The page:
Tuesday 10th – Race 3, Day 15

I had one of those nights last night when you think you've slept forever and wake up certain that you've over-slept and find that you've been in bed only 20 minutes.  So you go back to sleep and wake up again positive you've slept through your alarm to find it's only another 15 minutes later.  And so that went on for about 5 hours!  The reason for this is that I was Watch-leader for the day and with that came the responsibility for waking up the rest of the watch and making sure they were on deck on time.  You then are the skipper's right hand person and when he is asleep are supposed to take care of boat, crew and racing position! In training I'd done this with relish but this was now in the actual race and in the middle of an Ocean in very lively conditions.  Add to that the events of the previous week and I felt the troubles of the world were on my shoulders… hence the no sleep!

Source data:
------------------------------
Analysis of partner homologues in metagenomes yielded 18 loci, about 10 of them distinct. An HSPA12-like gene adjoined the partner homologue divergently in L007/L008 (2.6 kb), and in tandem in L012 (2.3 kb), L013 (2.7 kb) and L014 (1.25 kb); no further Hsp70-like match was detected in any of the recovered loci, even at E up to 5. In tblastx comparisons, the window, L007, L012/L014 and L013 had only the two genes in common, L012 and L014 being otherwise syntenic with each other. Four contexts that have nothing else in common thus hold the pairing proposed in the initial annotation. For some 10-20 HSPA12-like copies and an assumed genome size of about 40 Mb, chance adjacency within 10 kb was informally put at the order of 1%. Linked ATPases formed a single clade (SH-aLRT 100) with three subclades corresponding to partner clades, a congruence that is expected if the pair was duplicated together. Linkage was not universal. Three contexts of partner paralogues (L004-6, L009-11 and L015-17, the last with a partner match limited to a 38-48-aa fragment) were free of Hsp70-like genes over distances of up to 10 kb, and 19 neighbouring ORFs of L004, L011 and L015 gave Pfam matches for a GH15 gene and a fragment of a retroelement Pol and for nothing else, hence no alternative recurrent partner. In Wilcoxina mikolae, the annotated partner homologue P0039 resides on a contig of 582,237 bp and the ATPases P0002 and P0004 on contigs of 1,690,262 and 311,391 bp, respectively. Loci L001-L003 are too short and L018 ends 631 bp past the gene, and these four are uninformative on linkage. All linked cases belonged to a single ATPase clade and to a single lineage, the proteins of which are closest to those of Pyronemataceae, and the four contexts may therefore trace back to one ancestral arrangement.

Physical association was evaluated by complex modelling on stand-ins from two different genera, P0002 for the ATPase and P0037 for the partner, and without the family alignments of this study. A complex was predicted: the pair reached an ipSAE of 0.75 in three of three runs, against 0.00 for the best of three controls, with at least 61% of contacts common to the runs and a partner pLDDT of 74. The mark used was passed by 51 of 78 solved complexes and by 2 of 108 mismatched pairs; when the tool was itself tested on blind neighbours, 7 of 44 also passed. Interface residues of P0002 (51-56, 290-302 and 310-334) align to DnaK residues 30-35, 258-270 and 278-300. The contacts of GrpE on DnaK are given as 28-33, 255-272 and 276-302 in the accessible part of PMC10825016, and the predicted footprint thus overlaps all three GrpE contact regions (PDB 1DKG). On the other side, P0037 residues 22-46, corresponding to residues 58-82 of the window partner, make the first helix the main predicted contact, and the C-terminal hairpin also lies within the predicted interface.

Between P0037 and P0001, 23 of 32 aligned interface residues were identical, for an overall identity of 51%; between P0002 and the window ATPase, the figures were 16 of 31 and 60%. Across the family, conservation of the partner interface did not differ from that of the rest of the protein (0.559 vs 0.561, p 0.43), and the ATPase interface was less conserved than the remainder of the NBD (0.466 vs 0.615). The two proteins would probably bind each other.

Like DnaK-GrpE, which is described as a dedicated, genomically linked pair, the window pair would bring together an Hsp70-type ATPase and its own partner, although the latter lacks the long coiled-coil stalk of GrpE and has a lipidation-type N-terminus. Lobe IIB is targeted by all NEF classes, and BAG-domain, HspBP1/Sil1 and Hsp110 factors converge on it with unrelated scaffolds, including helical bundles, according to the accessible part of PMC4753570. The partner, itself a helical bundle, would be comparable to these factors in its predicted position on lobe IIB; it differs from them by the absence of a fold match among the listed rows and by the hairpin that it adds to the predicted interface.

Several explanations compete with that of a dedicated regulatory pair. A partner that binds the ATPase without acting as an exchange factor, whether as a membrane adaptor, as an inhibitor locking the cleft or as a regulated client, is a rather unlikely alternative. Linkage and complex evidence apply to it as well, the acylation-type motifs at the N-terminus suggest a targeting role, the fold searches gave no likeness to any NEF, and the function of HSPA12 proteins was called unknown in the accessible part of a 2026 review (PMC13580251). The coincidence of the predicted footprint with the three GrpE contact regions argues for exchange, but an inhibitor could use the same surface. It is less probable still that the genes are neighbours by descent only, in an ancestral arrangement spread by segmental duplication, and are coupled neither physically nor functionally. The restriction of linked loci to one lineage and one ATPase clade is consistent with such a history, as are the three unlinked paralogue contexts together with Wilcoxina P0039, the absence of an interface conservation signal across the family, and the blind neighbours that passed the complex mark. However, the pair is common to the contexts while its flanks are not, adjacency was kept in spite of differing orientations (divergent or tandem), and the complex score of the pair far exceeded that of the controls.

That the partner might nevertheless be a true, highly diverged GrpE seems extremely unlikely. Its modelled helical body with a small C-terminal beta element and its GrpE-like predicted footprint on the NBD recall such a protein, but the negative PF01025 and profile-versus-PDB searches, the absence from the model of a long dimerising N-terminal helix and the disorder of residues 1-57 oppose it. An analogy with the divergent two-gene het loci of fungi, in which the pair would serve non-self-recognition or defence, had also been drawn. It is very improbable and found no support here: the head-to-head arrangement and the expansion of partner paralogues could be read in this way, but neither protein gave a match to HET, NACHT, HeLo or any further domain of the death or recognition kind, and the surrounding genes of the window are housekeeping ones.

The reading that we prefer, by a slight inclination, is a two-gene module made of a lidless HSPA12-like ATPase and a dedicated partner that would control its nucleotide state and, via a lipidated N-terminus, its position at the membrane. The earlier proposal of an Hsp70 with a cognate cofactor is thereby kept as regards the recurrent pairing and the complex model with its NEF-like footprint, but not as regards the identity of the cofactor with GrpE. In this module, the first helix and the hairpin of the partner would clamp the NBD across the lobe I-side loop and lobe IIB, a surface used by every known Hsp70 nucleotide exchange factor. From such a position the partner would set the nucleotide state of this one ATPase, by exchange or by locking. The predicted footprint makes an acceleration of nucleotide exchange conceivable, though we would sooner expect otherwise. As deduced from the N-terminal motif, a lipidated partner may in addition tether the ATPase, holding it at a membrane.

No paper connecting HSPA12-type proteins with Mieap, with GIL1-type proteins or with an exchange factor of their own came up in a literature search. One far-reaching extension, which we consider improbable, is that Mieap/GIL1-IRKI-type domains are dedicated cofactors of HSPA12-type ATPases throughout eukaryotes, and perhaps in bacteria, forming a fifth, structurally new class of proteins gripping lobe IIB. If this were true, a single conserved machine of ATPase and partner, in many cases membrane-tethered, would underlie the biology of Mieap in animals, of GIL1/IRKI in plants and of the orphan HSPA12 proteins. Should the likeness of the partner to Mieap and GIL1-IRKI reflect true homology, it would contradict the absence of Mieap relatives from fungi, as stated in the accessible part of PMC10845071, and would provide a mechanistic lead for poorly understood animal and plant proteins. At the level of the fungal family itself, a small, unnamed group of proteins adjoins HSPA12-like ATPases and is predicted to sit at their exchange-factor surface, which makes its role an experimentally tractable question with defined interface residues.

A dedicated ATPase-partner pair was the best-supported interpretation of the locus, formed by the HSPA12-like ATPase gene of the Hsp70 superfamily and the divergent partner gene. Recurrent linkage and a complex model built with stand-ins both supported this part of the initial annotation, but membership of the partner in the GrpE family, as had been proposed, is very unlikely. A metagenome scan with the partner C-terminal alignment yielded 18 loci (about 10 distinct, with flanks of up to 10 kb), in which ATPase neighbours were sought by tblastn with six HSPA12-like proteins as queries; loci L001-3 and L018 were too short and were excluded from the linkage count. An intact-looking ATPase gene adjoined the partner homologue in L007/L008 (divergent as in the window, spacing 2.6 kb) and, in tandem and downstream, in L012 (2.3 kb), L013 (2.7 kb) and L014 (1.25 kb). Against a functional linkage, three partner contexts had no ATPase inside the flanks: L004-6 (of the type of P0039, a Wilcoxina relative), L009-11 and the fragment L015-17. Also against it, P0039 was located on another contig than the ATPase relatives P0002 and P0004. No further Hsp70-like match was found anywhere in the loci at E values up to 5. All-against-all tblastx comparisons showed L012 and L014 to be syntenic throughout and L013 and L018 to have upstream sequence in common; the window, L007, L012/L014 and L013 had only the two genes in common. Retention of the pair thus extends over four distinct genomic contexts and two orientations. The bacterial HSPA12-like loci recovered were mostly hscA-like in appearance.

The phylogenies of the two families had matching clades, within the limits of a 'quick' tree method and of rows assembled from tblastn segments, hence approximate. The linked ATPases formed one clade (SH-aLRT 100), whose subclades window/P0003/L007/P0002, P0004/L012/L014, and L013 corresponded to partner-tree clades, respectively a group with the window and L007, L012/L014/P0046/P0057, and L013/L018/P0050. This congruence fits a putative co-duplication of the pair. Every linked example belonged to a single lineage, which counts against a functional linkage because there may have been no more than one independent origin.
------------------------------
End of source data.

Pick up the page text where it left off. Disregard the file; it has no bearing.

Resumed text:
The night watch turned out to be pretty easy going.  Yes the conditions were 'lively' and then got livelier – which meant we had to put a reef in – but when it came down to it I found that I knew what needed to be done and managed the job fairly well.  The night was pretty wet and miserable with no moon or stars and with no wind indicators other than the ensign flying off the stern of the boat, keeping an eye on changes in wind strength and direction felt a bit hit and miss. However this would have been the way sailors of old did it so I just got on with it as best I could.

As I was watch-leading, Vic was helping Mike B below to finish the repairs on the spinnaker so there was a reduced team of us left in the afternoon to rig a pole, gybe a Yankee and shae out a reef – pretty well all at the same time. The phrase 'less is more' turned out to be true and our tiny team worked like a dream and got the evolutions done with no hitches...and even had some fun at the same time.  Maybe this watch-leading malarkey wasn't so bad after all!

The waves still seem to be getting bigger and bigger and even without a spinnaker up we are managing good speeds. However so are the others – Cork, Finland and Singapore in particular. The latter two are now in stealth mode so we can't tell if they are moving away from us or not.  We're conscious we need to up the pace but also need to make sure we don't make any mistakes. It's a fine line between going faster and pushing too hard.  Getting it right wins races, getting in wrong ends in broken bits of boat – or people and low morale. And it all rests on our poor skipper’s shoulders!